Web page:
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The Seekers: The Story of Man's Continuing Quest to Understand His World Knowledge Trilogy (Knowledge Trilogy #3)

3.88 of 5 stars 3.88  ·  rating details  ·  531 ratings  ·  26 reviews
A New York Times Notable Book of the Year

From the author of The Discoverers and The Creators, an incomparable history of man's essential questions: "Who are we?" and "Why are we here?"

Daniel J. Boorstin, the bestselling and Pulitzer Prize-winning author of The Americans, introduces us to some of the great pioneering seekers whose faith and thought have for centuries led ma
Paperback, 368 pages
Published October 26th 1999 by Vintage (first published September 1st 1998)
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(showing 1-30 of 1,278)
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Holly Lindquist
The first two books in Daniel Boorstin's Knowledge Trilogy, The Discoverers (about science) and The Creators (about art), are both outstanding examples of comprehensive history done well. They're weighty books, but the fascinating information and engaging writing do much to offset their intimidating girth.

This third volume and final volume, The Seekers, is half their size and unfortunately about half as interesting. (Granted, Boorstin's a very interesting writer, so half as interesting in a Boo
The Seekers is a completely readable journey through Western thought. As the last volume of Boorstein's trilogy which also includes The Creators A History of Heroes of the Imagination and The Discoverers, the Seekers is by the far the weakest (and shortest) of the three. Starting with the Hebrew prophets and going through Greek thought up to and including the modern day, Boorstein's theme is "seeking." That is, the continuing effort of human beings to understand their world.

At first, he picks fa
This was a truly magnificent effort for Boorstin. I love the "new"ish way history is presented within it's historical, geographical, cultural milieu . . . not just as if it happened in a vacuum.
Boorstin seems to be a genius in this form of writing . . . giving the subject a sense of time and place.
I tend to approach many of my readings as textural projects . . . reading, re-reading, and underlining . . . and for that reason, it usually takes me two to three times to "finish" a book than usual. B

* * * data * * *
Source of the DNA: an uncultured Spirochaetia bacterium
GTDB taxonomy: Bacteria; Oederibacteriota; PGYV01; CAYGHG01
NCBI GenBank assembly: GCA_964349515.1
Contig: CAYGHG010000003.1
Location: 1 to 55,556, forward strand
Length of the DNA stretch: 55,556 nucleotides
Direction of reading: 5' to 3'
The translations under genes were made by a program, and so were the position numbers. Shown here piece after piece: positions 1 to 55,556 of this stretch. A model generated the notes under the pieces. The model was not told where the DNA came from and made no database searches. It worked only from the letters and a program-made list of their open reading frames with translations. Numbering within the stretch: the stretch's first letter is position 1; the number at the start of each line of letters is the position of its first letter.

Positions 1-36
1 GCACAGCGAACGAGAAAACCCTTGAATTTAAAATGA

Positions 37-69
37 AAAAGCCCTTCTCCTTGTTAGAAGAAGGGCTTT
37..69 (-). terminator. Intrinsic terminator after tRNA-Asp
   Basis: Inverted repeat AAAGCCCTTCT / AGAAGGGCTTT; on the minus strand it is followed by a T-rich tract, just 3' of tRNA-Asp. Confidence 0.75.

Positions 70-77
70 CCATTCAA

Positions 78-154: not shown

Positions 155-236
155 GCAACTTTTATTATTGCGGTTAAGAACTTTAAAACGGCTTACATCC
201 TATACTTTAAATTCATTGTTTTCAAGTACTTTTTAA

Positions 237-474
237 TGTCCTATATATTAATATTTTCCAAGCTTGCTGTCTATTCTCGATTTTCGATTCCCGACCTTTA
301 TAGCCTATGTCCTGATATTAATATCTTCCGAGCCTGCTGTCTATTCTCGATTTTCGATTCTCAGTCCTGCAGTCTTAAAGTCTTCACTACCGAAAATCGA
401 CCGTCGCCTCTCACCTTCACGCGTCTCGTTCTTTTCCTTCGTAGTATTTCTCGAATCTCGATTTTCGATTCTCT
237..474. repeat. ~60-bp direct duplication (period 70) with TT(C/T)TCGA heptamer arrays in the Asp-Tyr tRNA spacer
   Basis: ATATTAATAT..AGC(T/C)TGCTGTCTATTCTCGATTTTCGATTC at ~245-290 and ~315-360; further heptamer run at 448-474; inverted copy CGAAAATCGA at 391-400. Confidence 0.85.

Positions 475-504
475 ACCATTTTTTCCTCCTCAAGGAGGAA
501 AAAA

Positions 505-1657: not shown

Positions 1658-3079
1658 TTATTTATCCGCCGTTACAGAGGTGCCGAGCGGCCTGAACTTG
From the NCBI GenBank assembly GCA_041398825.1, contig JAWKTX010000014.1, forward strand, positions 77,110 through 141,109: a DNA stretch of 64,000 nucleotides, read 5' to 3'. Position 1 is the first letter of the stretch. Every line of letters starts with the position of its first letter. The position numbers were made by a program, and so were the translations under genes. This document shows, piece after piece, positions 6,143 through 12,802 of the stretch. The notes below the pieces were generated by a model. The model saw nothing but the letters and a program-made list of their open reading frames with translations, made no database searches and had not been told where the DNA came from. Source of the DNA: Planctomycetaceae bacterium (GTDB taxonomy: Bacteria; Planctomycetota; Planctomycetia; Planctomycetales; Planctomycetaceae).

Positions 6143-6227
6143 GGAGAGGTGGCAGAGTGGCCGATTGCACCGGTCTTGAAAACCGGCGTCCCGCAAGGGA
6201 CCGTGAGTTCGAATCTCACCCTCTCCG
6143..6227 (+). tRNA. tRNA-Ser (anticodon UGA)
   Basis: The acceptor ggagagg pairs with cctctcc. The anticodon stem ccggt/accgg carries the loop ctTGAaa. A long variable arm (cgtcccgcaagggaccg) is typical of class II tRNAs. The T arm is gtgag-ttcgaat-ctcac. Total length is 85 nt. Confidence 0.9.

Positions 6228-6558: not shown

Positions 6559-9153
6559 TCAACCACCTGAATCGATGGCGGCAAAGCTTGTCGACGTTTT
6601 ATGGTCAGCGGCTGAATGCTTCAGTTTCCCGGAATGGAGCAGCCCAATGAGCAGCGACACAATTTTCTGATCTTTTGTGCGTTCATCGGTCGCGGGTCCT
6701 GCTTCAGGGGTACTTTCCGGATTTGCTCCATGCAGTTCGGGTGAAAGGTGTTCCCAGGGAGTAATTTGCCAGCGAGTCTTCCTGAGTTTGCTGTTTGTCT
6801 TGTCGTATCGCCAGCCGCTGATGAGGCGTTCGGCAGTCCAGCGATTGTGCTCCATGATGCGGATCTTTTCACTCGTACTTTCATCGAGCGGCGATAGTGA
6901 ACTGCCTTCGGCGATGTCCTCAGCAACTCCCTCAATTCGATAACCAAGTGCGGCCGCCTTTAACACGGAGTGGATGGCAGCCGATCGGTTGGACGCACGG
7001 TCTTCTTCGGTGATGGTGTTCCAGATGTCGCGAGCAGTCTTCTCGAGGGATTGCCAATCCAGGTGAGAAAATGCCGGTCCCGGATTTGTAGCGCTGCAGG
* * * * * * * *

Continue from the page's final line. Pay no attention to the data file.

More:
David Withun
What makes this book unique (and an uniquely excellent read) from among the many intellectual histories out there is the perspective from which Boorstin approaches his subjects and the aspect of his various subjects which he focuses on. Rather than looking, as most intellectual histories do, at what the conclusions, ideas, and dogmas of their various subjects are, Boorstin instead examines the act of seeking itself. In the process, he introduces us to the means of seeking answers to life's great ...more
A truly amazing journey. I loved the idea that seekers were always prepared by the context in which they lived, but it took *that* specific person with *that* specific background in *that* specific climate to make the next jump.

It's interesting to think about human thought in a group-conscious sort of way.

Someday I'll eventually put some quotes down before I forget them. Fuck, I already forgot them.
hmm, a disappointment given how amazing I found The Discoverers and The Seekers. seemed like the main weakness was a lack of precision about what made one a seeker. the fuzziness of that definition made it hard to to judge the significance of a seeker's impact, to connect each seeker to the rest that followed -- which is the whole magic of Boorstin's style in his other works.
Starting out with ancient prophets and telling the evolutionary story of seekers of meaning all the way through to Einstein, this book is one of the few special histories that I've diligently read from cover to cover, knowing that I was listening to the perspective a wise and highly erudite mind.

I consider myself to be an amateur seeker, a wandering wonderer.